Category Archives: Accidents

Driven to Distraction – Video on Teenagers Texting While Driving Gains Web Audience

In Gwent, the police department wanted to update its previous safety film, on joyriding. “We asked young people what was the thing that they thought was now the most dangerous for their age group, and they said mobile phones and, in particular, texting,” said Mick Giannasi, chief constable of Gwent police.

“Young people were telling us, ‘It needs to be more shocking, it needs to be more violent, it needs to be more truthful,’ ” said Peter Watkins-Hughes, the film’s director.

Read the full article here.

Teen Killed While Texting And Driving

An Elk Grove, Calif., family is warning teens and parents about the dangers of texting while driving after an 18-year-old relative died in a head-on crash.

Utah Teen Kills 2 While Texting and Driving

Teen pleads guilty after killing 2 while texting and driving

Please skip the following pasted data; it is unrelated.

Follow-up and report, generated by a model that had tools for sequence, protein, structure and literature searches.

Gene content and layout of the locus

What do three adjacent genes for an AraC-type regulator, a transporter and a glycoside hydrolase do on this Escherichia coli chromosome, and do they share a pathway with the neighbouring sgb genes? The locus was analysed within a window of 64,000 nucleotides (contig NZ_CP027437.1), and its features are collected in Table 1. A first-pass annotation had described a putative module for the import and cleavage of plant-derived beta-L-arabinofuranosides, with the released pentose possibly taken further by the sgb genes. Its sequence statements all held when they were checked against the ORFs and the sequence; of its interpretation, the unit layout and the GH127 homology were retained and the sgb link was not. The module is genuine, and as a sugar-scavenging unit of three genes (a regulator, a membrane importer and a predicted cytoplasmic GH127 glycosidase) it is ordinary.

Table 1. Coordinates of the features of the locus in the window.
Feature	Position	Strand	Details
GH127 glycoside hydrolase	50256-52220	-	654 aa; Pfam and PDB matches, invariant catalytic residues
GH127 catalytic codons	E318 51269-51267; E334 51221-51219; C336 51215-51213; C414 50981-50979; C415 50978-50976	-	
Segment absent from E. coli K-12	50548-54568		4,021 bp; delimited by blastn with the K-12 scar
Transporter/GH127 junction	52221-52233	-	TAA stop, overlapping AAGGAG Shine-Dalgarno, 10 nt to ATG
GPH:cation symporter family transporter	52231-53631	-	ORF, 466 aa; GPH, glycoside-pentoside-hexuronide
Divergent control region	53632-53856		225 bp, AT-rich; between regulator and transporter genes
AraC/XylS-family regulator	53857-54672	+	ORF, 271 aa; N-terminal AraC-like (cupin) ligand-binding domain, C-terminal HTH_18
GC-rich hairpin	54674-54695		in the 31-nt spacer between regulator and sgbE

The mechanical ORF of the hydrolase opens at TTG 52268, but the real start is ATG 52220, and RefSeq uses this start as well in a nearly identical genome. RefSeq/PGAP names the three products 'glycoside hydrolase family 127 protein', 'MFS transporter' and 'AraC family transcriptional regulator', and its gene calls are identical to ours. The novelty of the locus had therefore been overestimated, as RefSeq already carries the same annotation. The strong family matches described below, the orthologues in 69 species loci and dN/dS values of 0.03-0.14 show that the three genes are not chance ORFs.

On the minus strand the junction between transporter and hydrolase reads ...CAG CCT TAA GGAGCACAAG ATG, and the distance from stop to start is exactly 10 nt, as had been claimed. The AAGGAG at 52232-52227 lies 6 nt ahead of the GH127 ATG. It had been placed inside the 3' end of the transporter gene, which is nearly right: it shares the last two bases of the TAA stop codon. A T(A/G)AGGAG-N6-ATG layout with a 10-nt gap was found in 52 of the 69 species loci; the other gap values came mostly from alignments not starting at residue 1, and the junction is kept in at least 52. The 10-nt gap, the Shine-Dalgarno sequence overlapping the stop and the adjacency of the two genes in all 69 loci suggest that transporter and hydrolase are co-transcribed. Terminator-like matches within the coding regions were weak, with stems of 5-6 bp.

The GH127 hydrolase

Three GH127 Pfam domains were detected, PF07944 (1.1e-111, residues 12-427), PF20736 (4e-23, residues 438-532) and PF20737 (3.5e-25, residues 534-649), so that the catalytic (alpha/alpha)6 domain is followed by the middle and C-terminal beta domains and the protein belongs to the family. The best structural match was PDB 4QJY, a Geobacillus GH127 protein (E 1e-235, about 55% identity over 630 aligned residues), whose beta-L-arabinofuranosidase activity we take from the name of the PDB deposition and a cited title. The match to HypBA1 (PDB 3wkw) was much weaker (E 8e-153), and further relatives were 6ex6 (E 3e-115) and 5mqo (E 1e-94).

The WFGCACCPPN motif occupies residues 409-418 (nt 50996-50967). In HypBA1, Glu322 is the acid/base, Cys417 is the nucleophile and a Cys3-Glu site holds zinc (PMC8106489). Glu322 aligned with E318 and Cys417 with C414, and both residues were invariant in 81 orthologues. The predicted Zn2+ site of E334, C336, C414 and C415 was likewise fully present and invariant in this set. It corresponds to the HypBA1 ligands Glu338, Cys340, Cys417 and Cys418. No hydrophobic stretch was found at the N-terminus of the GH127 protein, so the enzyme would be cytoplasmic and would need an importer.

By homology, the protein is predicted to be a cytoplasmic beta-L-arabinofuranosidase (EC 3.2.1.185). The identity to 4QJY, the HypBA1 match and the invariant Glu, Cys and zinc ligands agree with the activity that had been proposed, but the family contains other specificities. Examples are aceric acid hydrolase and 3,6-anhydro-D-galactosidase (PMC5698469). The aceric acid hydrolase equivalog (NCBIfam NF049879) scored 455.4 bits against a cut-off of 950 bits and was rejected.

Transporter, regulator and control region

Teen pleads guilty after killing 2 while texting and driving

After a crash here that killed two scientists — and prompted a dogged investigation by a police officer and local victim’s advocate — Utah passed the nation’s toughest law to crack down on texting behind the wheel. Offenders now face up to 15 years in prison.

The new law, which took effect in May, penalizes a texting driver who causes a fatality as harshly as a drunken driver who kills someone. In effect, a crash caused by such a multitasking motorist is no longer considered an “accident” like one caused by a driver who, say, runs into another car because he nodded off at the wheel. Instead, such a crash would now be considered inherently reckless.